AEP's Tipping Point: Implied Preemption of Climate-Change Common Law Claims
Tristan L. Duncan
Shook Hardy & Bacon
Jonathan S. Massey
Massey & Gail LLP
February 1, 2012
Washington Legal Foundation Working Paper No. 179
Constitutional Limits to Creative Common-Lawmaking.
This article challenges the thesis of Yale Law Professor Douglas Kysar and Benjamin Ewing in ‘Prods and Pleas’: Limited Government in An Era of Unlimited Harm, who urge courts to entertain climate change tort claims as a means to “prod and plea” Congress to enact comprehensive Greenhouse Gas emissions standards. In response to this attack on limited government, Ms. Duncan and Mr. Massey explore the constitutional constraints on the judicial role in the context of climate change, an inherently international and systemic issue, which entails cost-benefit and distributional decisions that only the political branches can make.
Functional Reasoning to Reject Climate-Change Common Law Claims.
A striking feature of the Supreme Court’s AEP decision is Justice Ginsburg’s functional reasoning regarding the limits on the judicial role. The opinion rejects “parallel tort tracks” and instead endorses judicial review of administrative rule-making petitions as the constitutionally more appropriate “prod and plea.”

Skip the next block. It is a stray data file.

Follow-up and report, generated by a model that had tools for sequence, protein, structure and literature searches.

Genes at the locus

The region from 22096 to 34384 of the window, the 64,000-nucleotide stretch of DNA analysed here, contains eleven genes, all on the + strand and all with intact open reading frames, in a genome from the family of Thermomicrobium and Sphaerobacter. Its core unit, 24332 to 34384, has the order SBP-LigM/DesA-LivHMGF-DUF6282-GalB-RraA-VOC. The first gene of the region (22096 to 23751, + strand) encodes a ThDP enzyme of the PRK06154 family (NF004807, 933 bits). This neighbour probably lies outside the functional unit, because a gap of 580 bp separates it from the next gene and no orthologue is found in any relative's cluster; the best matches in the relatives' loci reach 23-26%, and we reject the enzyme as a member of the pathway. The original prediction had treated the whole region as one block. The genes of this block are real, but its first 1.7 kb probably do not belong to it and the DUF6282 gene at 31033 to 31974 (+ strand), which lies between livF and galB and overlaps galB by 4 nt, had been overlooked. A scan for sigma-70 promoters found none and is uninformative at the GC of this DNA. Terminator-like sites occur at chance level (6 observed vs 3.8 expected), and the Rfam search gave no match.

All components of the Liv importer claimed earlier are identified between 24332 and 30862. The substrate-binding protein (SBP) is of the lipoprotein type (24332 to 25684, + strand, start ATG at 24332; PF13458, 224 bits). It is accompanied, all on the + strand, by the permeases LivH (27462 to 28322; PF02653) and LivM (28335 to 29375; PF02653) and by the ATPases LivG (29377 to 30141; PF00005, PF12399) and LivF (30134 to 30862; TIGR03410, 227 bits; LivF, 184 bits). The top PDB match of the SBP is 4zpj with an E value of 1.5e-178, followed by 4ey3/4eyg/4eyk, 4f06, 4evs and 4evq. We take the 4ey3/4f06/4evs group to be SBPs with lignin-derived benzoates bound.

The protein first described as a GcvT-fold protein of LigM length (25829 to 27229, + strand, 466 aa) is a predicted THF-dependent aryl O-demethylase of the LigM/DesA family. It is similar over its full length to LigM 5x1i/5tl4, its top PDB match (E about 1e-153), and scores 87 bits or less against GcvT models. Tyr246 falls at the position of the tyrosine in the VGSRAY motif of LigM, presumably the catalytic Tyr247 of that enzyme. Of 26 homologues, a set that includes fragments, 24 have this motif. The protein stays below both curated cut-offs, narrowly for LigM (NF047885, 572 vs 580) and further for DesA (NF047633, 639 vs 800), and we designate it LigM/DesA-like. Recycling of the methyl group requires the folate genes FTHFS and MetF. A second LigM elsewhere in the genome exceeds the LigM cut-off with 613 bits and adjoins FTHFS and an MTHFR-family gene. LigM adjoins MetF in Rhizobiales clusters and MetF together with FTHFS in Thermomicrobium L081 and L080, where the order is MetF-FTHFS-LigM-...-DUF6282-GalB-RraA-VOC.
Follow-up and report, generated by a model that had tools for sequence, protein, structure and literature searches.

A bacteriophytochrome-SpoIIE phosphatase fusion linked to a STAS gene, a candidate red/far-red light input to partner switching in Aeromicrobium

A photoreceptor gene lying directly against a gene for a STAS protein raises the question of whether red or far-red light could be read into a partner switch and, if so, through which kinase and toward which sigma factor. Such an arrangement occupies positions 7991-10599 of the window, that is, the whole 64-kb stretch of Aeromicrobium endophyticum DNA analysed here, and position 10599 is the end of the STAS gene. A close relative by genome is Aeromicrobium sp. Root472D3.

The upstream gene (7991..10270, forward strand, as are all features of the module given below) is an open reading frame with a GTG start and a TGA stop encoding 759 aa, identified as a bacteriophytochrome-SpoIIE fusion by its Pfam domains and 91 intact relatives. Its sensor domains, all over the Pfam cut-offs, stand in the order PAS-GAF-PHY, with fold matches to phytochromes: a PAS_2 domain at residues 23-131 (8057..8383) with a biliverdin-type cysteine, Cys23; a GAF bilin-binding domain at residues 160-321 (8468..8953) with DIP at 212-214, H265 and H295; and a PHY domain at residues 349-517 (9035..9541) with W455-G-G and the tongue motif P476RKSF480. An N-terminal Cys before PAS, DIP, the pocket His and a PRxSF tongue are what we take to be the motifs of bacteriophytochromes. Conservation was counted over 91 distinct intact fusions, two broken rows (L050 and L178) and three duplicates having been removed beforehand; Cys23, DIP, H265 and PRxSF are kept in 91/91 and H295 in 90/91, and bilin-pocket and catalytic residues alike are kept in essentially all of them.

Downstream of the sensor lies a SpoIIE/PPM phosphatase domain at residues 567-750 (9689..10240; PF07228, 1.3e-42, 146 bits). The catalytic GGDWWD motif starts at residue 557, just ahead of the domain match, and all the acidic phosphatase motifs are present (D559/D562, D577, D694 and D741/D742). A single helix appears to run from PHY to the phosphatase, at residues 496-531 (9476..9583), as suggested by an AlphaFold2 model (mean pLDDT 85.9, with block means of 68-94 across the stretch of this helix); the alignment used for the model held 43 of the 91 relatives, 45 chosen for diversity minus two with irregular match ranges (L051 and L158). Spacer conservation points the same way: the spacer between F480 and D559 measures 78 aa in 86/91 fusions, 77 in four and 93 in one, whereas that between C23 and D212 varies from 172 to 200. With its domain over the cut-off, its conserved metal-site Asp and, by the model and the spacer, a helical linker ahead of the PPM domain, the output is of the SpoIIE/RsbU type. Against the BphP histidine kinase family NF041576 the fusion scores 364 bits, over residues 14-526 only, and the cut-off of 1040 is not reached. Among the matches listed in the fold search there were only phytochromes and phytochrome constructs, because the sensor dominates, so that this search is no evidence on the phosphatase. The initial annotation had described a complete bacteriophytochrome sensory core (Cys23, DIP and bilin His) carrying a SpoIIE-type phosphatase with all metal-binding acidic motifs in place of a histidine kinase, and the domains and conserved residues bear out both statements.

Implied Preemption Presumption for Global Problems Like Climate-Change.
Although the Supreme Court ‘s AEP decision expressly reserved ruling on whether state common-law climate change claims are preempted by federal law, the opinion outlines the basis for a presumption in favor of preemption when an issue necessarily requires a uniform, national approach.
Judicial Activism vs Restraint in Climate-Change Policy-Making.
Ms. Duncan and Mr. Massey express concern that the “political theater” approach advocated by Kysar/Ewing would trigger charges of “judicial activism” and violate the limits of Article III. The Kysar/Ewing proposal is particularly alarming in light of proposals in state legislatures to circumscribe judicial independence. The proposal imperils the legitimacy of judicial decision-making and risks eroding popular support for the courts at a time when the Judiciary can ill afford such attacks.
Number of Pages in PDF File: 32
Keywords: climate change, Supreme Court, judicial review, due process, preempt, judicial activism, judicial decision-making, greenhouse gas
Date posted: February 15, 2012 ; Last revised: April 25, 2012